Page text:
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Shopping with Options
04/09/2013 8:00 am EST
The consumer discretionary sector, of which retailers are a part, has been in a solid uptrend since October 2011, but not all retailers are created equal, as Andrew Keene offers option plays for tanking and thriving retailers.
JC Penney (JCP) has endured a rough run for the past two and a half years, and this trend shows no signs of reversal in the near-term or even the long-term. Shares in the beleaguered retail chain have dropped in value by 55% over the past 12 months. Bill Ackman, the hedge fund manager who is currently the largest shareholder in the department store chain, continues to struggle to drum up capital for a buyout. Due to the disproportionate debt to market value ratio held by JC Penney, a traditional leveraged buyout seems to be entirely out of the question, and as time passes, the difficulty involved with organizing a buyout will only increase.
All of these troubles come in the wake of the lowest annual sales figures since 1986 and a net loss of $986 million last year. Continual sales woes and structural factors have driven large shareholders to dump JCP shares, most notably Steven Roth of Vornado Realty Trust (VNO). Roth, a former JC Penney board member, dropped 40% of his holding in JCP in March. More large sell-offs look increasingly likely.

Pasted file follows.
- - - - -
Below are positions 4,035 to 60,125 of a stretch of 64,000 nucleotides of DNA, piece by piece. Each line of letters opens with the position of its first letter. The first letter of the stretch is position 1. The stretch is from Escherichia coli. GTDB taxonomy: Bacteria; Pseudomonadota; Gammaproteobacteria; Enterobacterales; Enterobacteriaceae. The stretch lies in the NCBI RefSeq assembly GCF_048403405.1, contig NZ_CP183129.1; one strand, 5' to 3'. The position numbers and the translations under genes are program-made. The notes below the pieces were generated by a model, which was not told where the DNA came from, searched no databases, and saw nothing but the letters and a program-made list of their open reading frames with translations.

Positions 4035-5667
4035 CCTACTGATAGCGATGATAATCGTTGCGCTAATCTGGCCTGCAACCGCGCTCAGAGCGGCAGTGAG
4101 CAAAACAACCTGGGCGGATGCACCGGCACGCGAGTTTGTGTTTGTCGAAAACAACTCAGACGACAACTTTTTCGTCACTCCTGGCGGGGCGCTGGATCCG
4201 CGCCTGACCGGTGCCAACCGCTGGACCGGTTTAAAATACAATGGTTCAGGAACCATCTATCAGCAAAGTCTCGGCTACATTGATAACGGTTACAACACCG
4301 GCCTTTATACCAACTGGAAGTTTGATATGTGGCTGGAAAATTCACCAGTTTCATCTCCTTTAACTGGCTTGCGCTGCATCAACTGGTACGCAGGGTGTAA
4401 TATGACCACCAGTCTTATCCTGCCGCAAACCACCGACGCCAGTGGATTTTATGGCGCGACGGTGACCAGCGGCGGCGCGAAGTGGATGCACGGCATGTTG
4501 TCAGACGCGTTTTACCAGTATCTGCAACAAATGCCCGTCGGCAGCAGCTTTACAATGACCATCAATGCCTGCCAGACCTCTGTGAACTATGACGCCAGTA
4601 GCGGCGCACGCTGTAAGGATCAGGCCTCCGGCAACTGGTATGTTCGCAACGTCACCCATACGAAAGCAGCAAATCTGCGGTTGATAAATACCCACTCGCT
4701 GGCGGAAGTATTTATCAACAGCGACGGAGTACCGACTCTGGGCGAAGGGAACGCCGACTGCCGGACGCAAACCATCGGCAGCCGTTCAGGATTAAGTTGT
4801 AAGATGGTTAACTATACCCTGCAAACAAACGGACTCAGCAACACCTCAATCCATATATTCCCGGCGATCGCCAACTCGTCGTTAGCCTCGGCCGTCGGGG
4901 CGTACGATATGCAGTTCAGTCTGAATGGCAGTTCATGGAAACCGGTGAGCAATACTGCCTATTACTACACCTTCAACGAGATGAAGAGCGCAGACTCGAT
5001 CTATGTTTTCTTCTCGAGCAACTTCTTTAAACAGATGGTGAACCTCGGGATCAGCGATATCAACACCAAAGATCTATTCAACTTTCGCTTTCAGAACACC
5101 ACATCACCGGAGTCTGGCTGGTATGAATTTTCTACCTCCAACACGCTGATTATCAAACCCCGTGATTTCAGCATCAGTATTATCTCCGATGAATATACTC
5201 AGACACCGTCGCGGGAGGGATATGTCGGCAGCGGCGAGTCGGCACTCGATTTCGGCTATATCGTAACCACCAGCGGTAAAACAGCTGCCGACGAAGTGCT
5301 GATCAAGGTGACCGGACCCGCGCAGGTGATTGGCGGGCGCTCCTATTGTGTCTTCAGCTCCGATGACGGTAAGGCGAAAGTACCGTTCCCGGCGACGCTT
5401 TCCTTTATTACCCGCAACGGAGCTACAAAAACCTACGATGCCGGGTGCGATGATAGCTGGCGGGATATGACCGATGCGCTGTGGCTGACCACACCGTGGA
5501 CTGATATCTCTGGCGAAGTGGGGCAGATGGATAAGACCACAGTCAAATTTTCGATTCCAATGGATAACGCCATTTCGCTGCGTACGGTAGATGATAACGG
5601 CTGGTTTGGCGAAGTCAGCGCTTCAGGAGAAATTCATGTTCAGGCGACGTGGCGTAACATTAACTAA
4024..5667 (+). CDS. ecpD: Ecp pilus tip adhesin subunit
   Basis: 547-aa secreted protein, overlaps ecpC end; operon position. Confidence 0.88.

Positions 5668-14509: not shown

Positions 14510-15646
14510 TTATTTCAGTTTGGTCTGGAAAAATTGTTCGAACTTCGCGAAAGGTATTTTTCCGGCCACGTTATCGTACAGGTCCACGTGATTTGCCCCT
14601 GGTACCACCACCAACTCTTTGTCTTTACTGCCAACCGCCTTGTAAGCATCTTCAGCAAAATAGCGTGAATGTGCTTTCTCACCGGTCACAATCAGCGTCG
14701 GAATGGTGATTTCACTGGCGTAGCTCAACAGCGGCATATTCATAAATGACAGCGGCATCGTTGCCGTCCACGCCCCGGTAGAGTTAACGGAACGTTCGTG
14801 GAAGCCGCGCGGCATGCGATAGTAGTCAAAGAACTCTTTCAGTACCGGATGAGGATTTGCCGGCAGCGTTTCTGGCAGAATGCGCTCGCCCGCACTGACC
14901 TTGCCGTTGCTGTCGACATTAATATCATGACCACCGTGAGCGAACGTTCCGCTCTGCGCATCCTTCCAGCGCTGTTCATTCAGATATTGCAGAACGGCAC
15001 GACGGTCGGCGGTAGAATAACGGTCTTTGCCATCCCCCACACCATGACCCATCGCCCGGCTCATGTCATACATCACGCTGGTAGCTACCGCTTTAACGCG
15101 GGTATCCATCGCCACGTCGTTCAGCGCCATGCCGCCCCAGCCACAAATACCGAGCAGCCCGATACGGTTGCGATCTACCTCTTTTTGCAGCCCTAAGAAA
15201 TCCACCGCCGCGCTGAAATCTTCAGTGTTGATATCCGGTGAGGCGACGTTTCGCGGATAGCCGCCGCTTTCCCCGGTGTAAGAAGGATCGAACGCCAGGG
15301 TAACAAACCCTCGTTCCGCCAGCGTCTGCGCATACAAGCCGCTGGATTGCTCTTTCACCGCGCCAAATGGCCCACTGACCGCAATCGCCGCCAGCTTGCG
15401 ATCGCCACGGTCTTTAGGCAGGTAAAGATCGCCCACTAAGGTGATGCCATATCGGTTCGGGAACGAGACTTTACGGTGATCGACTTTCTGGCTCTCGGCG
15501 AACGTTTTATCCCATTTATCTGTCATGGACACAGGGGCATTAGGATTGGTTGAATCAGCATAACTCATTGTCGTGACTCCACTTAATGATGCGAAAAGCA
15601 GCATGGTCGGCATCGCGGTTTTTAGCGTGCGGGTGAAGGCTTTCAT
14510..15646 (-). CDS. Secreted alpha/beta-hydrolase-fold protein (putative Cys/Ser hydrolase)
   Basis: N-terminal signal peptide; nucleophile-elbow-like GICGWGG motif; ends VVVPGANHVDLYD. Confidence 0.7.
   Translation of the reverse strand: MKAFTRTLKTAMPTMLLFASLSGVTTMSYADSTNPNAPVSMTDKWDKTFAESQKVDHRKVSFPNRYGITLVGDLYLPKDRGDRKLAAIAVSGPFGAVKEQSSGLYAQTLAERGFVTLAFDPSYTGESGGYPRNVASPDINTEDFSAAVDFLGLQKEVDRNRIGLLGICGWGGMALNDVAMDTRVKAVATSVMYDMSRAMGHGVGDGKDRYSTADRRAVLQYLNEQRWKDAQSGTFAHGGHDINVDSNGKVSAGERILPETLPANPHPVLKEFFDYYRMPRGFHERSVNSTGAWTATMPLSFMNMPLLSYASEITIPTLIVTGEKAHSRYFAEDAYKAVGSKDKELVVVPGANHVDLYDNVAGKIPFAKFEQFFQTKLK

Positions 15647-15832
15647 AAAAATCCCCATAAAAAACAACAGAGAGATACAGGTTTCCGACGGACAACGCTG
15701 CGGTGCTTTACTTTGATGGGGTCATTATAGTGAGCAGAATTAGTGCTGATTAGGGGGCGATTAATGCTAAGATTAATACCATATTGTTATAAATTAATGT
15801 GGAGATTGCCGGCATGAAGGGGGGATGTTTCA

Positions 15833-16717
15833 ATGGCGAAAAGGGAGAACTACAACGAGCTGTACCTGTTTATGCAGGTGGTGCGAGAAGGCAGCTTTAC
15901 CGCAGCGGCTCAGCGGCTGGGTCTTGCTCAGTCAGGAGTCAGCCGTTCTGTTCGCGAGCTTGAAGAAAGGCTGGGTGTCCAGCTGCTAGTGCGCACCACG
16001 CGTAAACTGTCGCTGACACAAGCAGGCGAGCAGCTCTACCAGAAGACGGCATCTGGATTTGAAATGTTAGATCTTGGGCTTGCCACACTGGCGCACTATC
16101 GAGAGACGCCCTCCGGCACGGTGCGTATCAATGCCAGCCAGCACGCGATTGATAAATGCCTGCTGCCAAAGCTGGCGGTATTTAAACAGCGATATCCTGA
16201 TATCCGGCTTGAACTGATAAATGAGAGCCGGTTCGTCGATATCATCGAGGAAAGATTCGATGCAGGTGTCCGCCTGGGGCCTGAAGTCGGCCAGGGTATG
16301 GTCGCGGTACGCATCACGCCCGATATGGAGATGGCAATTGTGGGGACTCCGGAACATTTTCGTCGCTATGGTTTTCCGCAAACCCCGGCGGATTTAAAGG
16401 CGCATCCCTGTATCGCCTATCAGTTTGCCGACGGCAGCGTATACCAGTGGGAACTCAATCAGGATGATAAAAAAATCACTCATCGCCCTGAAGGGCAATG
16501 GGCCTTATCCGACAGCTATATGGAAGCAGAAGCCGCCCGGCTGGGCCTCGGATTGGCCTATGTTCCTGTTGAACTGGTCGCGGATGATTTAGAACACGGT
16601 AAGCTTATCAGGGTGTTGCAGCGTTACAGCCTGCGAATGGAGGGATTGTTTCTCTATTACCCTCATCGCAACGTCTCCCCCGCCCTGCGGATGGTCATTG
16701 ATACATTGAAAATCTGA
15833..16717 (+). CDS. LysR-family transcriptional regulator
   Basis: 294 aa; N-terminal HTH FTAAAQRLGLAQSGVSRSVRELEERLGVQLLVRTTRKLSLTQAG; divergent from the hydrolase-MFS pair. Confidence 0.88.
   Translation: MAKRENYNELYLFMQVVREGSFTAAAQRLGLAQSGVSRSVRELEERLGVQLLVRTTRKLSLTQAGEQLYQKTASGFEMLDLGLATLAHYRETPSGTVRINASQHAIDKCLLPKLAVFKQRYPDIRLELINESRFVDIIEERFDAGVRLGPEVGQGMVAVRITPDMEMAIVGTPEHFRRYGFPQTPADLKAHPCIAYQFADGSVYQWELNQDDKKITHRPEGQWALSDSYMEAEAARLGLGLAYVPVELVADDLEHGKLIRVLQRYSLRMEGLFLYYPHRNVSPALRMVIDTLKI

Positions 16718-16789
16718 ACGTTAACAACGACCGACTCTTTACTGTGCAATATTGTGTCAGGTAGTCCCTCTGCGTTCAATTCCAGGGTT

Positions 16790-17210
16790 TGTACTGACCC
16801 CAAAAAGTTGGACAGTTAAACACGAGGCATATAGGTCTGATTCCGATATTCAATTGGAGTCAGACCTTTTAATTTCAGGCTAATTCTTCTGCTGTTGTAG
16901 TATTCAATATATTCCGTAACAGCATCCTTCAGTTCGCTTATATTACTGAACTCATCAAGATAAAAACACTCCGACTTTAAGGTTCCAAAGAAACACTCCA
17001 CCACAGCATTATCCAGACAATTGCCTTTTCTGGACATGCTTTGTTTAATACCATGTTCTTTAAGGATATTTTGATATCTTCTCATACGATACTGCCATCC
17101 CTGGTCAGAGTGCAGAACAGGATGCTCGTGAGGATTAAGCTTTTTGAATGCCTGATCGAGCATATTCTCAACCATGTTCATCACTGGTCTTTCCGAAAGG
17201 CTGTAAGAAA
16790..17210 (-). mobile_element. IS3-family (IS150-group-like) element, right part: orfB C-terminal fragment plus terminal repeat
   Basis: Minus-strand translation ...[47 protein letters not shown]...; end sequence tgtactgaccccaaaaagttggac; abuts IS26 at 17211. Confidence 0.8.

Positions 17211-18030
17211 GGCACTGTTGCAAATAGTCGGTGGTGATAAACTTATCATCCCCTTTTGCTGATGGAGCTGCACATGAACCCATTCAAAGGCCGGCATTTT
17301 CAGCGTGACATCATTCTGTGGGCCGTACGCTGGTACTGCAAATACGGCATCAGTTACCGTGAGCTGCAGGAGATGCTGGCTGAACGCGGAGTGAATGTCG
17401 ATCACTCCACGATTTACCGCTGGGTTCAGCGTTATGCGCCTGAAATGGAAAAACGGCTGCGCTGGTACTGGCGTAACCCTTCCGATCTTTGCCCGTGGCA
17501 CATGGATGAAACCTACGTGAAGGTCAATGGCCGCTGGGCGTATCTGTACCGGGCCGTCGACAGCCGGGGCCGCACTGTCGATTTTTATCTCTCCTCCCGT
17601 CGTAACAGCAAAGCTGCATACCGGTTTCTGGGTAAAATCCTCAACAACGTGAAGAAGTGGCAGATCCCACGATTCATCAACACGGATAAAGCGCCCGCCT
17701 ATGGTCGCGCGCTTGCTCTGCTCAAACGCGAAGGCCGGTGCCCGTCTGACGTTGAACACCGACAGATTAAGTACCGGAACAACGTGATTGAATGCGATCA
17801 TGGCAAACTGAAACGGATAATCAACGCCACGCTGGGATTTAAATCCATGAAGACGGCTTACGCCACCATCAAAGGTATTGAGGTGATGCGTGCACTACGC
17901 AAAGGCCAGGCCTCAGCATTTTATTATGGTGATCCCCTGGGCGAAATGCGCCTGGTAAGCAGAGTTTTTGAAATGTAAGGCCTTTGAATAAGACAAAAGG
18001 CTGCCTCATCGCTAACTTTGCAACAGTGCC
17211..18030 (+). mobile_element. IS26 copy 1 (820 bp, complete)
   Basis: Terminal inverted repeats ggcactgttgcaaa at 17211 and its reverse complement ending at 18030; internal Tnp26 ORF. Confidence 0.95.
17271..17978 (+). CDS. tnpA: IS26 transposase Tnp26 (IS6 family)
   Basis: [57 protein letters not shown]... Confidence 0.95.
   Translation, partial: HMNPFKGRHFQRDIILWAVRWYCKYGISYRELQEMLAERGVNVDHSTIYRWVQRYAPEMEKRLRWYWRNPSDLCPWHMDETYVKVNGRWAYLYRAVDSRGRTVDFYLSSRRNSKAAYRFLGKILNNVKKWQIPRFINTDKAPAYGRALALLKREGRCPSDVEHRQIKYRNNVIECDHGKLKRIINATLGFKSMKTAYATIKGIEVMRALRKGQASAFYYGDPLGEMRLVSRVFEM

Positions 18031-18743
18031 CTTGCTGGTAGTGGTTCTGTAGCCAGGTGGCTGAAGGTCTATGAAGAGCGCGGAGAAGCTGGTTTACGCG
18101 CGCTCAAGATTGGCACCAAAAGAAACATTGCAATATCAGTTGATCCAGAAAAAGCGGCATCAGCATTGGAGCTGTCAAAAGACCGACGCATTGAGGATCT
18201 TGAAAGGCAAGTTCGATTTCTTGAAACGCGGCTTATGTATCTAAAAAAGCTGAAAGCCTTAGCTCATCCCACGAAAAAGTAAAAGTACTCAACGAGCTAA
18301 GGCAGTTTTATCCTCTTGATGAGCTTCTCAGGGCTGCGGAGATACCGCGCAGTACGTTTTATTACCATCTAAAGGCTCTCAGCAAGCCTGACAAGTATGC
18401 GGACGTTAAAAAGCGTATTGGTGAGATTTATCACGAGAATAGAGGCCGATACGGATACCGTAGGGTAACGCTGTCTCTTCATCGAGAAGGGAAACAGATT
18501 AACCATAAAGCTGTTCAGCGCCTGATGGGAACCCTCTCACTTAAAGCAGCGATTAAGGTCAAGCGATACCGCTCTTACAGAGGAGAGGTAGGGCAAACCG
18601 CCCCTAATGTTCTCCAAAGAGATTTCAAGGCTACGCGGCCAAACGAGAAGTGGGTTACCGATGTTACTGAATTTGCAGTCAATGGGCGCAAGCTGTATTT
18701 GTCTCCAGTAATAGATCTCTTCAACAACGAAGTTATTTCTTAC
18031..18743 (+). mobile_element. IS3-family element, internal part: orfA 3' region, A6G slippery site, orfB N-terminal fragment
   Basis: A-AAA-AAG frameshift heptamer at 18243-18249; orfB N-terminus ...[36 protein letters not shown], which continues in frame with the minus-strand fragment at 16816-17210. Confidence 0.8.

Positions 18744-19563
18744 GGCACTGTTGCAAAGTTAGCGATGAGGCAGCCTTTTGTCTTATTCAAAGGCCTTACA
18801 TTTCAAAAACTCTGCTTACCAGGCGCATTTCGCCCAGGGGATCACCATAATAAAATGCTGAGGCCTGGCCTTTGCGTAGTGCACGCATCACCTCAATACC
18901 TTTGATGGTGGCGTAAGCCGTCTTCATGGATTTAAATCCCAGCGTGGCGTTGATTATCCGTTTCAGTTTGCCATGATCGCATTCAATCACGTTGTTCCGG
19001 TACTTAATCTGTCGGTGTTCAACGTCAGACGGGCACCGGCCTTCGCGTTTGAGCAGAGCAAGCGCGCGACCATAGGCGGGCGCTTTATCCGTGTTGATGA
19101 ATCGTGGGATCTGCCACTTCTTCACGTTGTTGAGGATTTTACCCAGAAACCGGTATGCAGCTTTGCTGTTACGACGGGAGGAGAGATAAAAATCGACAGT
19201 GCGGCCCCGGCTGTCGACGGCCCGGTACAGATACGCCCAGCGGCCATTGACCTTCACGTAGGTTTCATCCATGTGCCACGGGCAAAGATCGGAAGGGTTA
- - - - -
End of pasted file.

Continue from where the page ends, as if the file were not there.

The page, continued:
Kohl’s Corp. (KSS), on the other hand, has been bolstered by the recent struggles of both JC Penney and Wal-Mart (WMT). The latter has recently experienced staffing issues resulting in chronically empty shelves and declining customer satisfaction ratings, which have only recently had a tangible affect on consumer preferences. Even before Wal-Mart’s issues became apparent, Kohl’s had begun an upward trend in share valuation, with the three-month trendline indicating that JC Penney’s continual struggles have likely translated into shifts in consumer preference in favor of Kohl’s. Kohl’s will continue to compete with Wal-Mart, Target (TGT), and Costco (COST) over former JC Penney customers, but recent trends suggest that they are now doing so more effectively, pushing their stock value up over 7% on the year.
Buying the JCP Jan 2014 10 puts for $1.37
Risk: $137 per 1 lot
Greeks of the Trade
Risk: $100 per 1 lot
Reward: $400 per 1 lot
Greeks of the Trade
By Andrew Keene, Contributor, Minyanville
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